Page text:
Abstract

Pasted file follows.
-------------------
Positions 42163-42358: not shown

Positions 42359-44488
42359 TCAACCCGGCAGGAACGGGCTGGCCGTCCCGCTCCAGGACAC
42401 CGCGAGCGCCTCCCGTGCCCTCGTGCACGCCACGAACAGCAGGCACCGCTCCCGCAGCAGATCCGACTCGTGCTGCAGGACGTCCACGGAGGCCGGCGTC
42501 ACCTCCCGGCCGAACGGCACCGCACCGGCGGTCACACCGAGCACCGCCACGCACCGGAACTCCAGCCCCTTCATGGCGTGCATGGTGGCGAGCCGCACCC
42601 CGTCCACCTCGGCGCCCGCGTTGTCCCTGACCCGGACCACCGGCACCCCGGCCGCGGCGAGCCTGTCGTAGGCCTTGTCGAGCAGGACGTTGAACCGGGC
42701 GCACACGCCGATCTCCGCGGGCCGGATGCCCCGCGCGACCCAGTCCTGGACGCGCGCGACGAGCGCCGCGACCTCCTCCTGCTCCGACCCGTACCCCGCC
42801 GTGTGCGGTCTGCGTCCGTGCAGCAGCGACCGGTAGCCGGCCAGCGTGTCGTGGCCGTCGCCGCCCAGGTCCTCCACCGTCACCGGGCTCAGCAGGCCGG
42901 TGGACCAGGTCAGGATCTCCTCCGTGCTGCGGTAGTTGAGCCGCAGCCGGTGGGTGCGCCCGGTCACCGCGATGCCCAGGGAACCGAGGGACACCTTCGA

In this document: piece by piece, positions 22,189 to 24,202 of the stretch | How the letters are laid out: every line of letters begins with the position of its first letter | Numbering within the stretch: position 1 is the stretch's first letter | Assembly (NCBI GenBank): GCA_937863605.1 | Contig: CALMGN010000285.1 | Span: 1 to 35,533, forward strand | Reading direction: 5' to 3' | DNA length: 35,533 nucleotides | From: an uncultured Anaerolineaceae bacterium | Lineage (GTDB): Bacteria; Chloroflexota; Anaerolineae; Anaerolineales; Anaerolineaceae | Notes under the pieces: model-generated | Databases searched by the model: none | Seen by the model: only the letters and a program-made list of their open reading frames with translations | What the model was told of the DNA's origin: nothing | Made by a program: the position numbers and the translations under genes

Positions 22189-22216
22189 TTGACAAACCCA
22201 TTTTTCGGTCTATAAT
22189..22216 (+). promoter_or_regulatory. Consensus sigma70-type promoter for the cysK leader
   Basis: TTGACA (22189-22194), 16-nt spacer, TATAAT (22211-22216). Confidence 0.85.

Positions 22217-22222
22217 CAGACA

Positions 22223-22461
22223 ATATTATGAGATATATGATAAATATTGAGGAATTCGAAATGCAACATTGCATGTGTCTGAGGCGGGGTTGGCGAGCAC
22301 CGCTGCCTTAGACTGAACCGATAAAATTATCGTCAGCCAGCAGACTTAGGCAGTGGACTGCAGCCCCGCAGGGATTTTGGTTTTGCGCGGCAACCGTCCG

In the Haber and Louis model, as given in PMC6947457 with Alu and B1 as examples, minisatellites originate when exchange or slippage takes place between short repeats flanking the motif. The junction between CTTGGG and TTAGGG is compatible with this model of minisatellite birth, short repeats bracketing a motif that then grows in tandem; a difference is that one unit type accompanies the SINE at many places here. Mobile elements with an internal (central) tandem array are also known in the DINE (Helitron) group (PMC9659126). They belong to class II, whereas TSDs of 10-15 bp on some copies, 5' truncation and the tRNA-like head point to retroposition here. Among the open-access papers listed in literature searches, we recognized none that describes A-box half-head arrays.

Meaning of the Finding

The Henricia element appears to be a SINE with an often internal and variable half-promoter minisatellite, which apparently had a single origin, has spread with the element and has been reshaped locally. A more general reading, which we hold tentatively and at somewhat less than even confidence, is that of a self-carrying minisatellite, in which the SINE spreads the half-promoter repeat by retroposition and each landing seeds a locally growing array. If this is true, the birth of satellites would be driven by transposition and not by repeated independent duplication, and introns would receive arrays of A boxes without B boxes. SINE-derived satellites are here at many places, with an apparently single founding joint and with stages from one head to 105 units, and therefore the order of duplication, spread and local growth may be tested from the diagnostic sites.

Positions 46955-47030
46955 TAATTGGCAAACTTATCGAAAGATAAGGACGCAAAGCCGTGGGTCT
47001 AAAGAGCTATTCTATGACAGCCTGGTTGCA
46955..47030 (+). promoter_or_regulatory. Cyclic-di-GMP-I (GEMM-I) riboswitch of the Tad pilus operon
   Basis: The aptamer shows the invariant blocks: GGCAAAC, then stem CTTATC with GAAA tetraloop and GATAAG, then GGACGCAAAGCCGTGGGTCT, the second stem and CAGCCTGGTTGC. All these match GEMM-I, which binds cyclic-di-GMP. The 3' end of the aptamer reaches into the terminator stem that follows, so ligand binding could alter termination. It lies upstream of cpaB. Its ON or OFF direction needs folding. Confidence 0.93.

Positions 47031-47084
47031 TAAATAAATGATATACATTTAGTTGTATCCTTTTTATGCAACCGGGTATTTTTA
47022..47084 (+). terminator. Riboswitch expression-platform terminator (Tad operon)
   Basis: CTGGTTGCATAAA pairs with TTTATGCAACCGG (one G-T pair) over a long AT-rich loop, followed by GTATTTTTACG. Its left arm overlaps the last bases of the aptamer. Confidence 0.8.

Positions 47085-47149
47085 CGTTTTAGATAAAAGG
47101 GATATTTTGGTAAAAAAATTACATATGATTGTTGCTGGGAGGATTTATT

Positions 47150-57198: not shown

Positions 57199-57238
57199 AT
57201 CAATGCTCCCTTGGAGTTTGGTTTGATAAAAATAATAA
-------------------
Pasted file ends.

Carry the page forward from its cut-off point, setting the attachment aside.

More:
The temperature-dependent evolution of the crystal structure of natural tetranatrolite (Mt. Saint-Hilaire, approximate formula Na5.85Ca1.90Al9.25Si10.75O40·11H2O) was investigated using monochromatic synchrotron X-ray powder diffraction and Rietveld analysis. The room-temperature structural model reveals characteristic Al/Si and Na/Ca disordering over the framework tetrahedral and nonframework cation sites, respectively. Water molecules at the OW4 and OW5 sites along the elliptical channels surround the nonframework cations with full and partial occupancies, respectively, similar to what was observed in previous single crystal studies. As the temperature increases up to 300 °C, the partially occupied OW5 site is gradually dehydrated whereas the fully occupied OW4 site and the disordered Na/Ca site remain fully occupied. Upon complete dehydration of the OW5 site at 300 °C, another phase appears with ~1.8% expansion and ~6.7% reduction of the a- and c-axis parameters, respectively, leading to an overall volume reduction of ~3.3%. In this new phase, the Na and Ca atoms migrate to occupy two closely separated sites along the channels, and 80% of the OW4 water is lost with the remaining water molecules occupying a site close to the previously empty OW5 site. The material decomposes upon full dehydration near 400 °C and becomes X-ray amorphous. The temperature-dependent variations of the T-O-T angles and the chain rotation angle are indicative of the framework relaxation occurring during the selective dehydration and subsequent cation-water migration phase transition.

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